Back in the summer this image was shortlisted for the "Living the Landscape" category of the Take a View Landscape Photographer of the Year competition. Unfortunately it didn't make it into the final reckoning, but I find it amusing, so here it is. The award winners, which are truly stunning, can be found here.
The easy circular walk from Grasmere village, past Dove Cottage and down to the River Rothay at White Moss, and then back to the village along the side of the lake, takes an hour and a half if you dawdle. It's perfect before lunch on a cold winter Sunday. Popular images of the Lake District usually involve reflections, mountain scenes and wide open views, perhaps at sunset. This Sunday there was fog, and at times quite dense fog, so none of that was possible. The lake itself was also partially frozen, so its surface was more like an unpolished stone than the facet of a jewel. This wasn't a picturesque Lake District, but a cold, hunkered down one.
While there was no chance of catching the fells reflected here, fog makes a great background for silhouetted trees and mysterious whited-out landscapes. This meteorological myopia shrinks the world and makes what is close by more significant: the edge of the lake, a rock, a stand of trees merging softly with the sky.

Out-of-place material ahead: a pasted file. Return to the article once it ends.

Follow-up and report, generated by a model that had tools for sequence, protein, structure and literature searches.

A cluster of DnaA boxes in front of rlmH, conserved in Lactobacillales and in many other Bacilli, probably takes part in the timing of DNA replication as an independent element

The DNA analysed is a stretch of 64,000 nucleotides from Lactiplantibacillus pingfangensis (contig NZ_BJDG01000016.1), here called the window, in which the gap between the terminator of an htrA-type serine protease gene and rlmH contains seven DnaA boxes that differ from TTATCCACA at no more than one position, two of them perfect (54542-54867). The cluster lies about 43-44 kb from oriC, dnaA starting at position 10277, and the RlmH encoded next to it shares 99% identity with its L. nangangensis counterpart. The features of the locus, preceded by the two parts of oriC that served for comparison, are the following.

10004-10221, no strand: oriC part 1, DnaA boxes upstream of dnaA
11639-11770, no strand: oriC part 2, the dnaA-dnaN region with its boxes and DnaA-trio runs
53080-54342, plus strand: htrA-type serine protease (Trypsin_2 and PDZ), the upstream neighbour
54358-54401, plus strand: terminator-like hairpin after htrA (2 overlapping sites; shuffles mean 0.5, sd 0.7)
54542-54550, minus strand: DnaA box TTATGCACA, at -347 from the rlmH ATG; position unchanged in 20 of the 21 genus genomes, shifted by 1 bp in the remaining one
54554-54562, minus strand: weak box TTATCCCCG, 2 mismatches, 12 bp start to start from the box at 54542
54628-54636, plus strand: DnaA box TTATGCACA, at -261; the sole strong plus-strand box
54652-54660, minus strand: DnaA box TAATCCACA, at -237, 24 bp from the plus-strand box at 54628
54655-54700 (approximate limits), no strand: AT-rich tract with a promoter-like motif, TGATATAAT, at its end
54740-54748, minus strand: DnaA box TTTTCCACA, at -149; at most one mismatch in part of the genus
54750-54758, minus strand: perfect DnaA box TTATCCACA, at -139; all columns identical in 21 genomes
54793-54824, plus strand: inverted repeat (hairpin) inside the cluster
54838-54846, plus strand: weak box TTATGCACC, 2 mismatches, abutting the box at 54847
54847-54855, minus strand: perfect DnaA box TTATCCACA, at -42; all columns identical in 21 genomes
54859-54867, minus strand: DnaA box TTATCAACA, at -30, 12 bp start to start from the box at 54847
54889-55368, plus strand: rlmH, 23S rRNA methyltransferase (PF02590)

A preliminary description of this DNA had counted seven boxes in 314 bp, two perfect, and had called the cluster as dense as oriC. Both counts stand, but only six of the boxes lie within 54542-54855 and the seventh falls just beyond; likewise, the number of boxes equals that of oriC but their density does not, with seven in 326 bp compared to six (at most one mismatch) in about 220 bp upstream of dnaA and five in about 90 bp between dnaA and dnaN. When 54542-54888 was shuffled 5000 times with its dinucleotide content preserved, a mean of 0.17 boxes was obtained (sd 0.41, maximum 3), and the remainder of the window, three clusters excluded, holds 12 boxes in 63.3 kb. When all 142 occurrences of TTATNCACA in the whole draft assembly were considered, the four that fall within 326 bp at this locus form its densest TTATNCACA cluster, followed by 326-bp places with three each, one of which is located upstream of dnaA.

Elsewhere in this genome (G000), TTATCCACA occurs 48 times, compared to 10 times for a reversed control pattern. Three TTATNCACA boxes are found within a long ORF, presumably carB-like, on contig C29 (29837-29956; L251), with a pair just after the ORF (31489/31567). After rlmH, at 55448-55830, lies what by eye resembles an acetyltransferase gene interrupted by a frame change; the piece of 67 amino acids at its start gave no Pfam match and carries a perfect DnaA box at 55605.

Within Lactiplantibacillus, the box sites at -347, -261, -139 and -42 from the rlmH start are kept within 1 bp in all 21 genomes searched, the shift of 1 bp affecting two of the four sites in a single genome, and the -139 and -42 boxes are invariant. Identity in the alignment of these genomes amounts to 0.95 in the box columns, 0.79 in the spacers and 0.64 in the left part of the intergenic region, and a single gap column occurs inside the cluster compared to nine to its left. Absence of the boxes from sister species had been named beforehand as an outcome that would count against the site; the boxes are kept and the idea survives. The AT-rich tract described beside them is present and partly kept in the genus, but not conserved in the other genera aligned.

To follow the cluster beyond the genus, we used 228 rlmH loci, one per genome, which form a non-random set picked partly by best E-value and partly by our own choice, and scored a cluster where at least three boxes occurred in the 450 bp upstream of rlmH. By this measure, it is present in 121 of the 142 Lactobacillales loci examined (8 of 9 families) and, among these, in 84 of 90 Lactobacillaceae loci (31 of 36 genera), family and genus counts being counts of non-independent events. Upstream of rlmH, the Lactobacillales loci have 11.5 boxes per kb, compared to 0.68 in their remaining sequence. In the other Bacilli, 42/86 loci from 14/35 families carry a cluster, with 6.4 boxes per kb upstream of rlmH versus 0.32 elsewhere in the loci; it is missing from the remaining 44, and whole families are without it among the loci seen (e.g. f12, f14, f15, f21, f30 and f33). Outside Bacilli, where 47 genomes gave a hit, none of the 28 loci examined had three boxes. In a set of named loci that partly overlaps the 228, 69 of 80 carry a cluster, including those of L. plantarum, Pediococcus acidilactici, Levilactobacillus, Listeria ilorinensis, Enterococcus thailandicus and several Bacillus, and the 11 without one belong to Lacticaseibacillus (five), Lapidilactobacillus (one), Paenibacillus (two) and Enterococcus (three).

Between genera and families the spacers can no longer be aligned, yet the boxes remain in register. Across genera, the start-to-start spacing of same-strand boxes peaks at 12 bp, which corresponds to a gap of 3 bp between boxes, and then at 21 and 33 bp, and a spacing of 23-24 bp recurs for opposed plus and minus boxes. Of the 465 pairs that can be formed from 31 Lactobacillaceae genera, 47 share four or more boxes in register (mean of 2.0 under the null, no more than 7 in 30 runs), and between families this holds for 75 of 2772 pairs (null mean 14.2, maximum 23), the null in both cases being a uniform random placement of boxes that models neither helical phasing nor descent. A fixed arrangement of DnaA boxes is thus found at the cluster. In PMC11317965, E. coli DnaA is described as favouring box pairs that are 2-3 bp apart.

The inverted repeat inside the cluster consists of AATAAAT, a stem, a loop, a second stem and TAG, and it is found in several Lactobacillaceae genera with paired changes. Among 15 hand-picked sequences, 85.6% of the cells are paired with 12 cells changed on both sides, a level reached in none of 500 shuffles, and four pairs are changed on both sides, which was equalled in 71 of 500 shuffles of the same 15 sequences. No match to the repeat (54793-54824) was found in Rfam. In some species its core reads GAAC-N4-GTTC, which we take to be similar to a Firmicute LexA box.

As a photographer you can take advantage, focussing close and blurring an already obscured background, embracing the dead space. And since the fog drains everything of colour, black and white seemed appropriate here. Colour was later restored by a pint of Hardknott Cool Fusion poured slightly too cold, but accompanied, appropriately enough, with a chicken pie in Tweedie's Bar, Grasmere.
Images taken with an Olympus OMD-EM1 and 12-40mm f2.8 lens, mostly at 12mm.
This was taken in Grasmere churchyard from a distance of no more than three metres. When a wild rabbit allows you to get that close it usually means there's a problem, but there was nothing obviously wrong with the animal, which was happily grazing amongst the feet of tourists.